Which way now? Can we be guided by critical uncertainty? #UWLT2021

This week I was delighted to join colleagues at the University of Worcester and give the opening keynote for the learning and teaching conference. My talk built on the themes I have been thinking about and talking about this year – mainly reflecting on what being and belonging at university (for students and staff) actually is and will be, the role of critical and public pedagogy within our curriculum. COVID 19 has impacted everyone and every discipline, we should harness that as well as our students lived experiences. We need to embrace uncertainty as we move forward. Whilst it is very tempting to wish for everything to go back to ye olde golde pre pandemic on campus day, our immediate future is still quite uncertain so flexibility is going to be key. After the year we have had, If now isn’t the time to radical change then I really don’t know when is. Remembering too that radical change can be comprised of relatively small pieces too.

Before I gave my talk yesterday, I spotted an article from the Irish Times reporting on a recent speech by the Irish President (Michael Higgins). He said:

“We have an opportunity in the wake of the Covid pandemic, with all its personal, social and economic consequences, to reclaim and re-energise academia for the pursuit of real knowledge; unbiased study that can yield insights that may be applied for the enrichment of society in its widest, in its most all-encompassing definition, and enabled to address our great challenges. It is a once-in-a-lifetime opportunity that should not be squandered.”

I wish politicians the UK were as eloquent about the role and purpose of academia in its broadest sense!

You can access my slides with feedback here, and the basic deck here ; and for the all important image to this post, I did want to reflect on how quickly language has evolved over the past 15 months. So, here is word cloud of words and phrases that are now part of the delegates everyday vocabulary. I’m sure more than a few will be familiar to you too!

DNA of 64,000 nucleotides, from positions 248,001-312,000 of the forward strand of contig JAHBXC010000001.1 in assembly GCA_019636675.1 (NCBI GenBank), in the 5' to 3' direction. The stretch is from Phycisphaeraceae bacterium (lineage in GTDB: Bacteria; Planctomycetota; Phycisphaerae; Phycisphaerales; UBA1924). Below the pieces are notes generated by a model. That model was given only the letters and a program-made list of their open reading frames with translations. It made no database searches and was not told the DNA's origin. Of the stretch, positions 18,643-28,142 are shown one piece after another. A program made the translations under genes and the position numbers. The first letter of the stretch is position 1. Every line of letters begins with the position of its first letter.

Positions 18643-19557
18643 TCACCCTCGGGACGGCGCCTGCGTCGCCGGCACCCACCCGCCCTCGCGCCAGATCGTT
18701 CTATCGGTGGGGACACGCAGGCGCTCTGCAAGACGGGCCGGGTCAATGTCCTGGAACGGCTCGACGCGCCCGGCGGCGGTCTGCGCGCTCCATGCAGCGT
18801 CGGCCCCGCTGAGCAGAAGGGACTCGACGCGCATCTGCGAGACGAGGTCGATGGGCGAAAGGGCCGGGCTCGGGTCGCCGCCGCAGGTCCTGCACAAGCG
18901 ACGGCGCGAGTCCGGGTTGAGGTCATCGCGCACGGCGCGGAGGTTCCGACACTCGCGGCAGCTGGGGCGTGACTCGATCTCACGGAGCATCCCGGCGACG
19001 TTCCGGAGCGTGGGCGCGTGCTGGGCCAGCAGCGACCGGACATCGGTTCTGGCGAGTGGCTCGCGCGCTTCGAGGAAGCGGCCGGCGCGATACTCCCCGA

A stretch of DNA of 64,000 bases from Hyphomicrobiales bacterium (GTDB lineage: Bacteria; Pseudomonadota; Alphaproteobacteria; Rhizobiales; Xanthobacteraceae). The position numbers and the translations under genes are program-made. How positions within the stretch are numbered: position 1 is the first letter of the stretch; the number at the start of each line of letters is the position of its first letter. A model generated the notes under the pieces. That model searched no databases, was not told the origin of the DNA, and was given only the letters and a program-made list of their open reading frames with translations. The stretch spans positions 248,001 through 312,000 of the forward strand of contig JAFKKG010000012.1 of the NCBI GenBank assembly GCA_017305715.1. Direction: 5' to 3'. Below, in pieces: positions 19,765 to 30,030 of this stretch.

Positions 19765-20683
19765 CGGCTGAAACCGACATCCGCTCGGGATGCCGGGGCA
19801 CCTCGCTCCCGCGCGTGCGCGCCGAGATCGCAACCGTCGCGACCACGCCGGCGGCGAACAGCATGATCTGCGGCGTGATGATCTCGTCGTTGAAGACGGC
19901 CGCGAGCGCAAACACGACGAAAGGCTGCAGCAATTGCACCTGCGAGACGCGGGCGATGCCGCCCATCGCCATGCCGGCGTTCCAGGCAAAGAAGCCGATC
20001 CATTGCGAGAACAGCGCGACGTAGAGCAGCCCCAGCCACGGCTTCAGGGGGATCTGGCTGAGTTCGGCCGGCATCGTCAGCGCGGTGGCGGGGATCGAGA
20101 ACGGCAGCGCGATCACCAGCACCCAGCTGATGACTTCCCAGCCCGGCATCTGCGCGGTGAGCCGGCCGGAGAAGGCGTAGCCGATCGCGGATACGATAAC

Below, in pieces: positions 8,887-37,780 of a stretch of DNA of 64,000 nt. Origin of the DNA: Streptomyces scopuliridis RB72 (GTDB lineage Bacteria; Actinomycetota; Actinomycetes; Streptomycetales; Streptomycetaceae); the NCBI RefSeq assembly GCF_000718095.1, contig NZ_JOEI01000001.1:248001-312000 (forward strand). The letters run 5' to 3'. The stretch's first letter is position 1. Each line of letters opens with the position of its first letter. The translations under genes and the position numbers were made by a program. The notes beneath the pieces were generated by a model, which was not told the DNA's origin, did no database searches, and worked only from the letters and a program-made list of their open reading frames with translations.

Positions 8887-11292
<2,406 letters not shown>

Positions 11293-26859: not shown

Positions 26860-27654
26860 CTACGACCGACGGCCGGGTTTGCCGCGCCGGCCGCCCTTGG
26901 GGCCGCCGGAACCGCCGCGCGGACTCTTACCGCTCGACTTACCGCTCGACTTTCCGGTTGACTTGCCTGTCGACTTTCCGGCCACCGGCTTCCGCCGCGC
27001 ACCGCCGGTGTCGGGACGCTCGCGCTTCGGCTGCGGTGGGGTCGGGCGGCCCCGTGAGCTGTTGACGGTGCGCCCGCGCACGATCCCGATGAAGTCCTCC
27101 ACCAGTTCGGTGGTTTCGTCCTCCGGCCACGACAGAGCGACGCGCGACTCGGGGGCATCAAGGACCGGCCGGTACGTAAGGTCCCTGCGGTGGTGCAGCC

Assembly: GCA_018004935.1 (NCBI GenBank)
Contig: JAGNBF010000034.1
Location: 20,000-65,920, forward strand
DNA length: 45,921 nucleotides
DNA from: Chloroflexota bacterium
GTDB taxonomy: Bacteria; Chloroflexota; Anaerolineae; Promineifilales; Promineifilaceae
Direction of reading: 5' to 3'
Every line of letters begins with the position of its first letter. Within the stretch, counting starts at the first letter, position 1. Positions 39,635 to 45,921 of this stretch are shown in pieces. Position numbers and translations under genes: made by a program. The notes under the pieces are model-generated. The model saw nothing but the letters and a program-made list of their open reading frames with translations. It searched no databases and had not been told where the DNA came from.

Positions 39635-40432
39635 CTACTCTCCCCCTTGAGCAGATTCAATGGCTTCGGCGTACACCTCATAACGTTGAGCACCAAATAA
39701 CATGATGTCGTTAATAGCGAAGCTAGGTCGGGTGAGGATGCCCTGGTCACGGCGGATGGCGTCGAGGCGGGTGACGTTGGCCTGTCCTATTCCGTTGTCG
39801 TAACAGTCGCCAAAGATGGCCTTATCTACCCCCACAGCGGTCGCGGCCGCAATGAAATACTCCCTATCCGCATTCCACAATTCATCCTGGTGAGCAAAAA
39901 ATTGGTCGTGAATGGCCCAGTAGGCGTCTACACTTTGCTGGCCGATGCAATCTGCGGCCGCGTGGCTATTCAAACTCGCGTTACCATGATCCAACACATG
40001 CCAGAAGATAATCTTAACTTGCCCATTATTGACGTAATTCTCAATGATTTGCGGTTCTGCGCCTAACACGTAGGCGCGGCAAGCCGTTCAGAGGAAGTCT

A short thought about the pyschogeography of the VLE(s) in my life: #JuneEdTechChallenge

So ALT have a bit of an ed tech twitter challenge for this month with of course its own hashtag #JuneEdTechChallenge. Each day people are invited to share pictures, words anything really on a phrase, topic. For day one it its “the VLE in my life” – an endless source of discussion/debate/joy/frustration for anyone who has to use one.

I don’t have a particular VLE in my life anymore – one of the advantages of being independent. In a sense I wander around the digital landscape and work with any system that clients use. Ah, the freedom I hear you say. Well maybe not.

Today I was thinking about pyschogeography. I’ve come across this field quite late, but I am exploring it more in terms of my practice as an artist. However, as I was listening to Will Self give a short overview, I couldn’t help but think about it in terms of learning environments. One of the central notions of psychogeography is the notion of the “dérive” or the drift. The notion of one drifting around an environment, in a random, not planned way. Doing that in our physical spaces is actually quite challenging, but it’s darn near impossible to do in a digital learning environment.

Our paths and pathways are designed and structured, they impose directions, keep us enclosed, close down pathways and exit points to stop us drifting away from the platform/VLE. So whilst I may wander between different VLEs, ultimately when I am in any of them, they force me to stick to their structured paths. This reminded me of a session I was part of in OER17. I can only drift when I am in open spaces.

Probably much more thinking to do around this, but it’s all I’ve got time for today. What do you think? Do we need more drifting in our VLEs or do we need to provide as much structure as possible?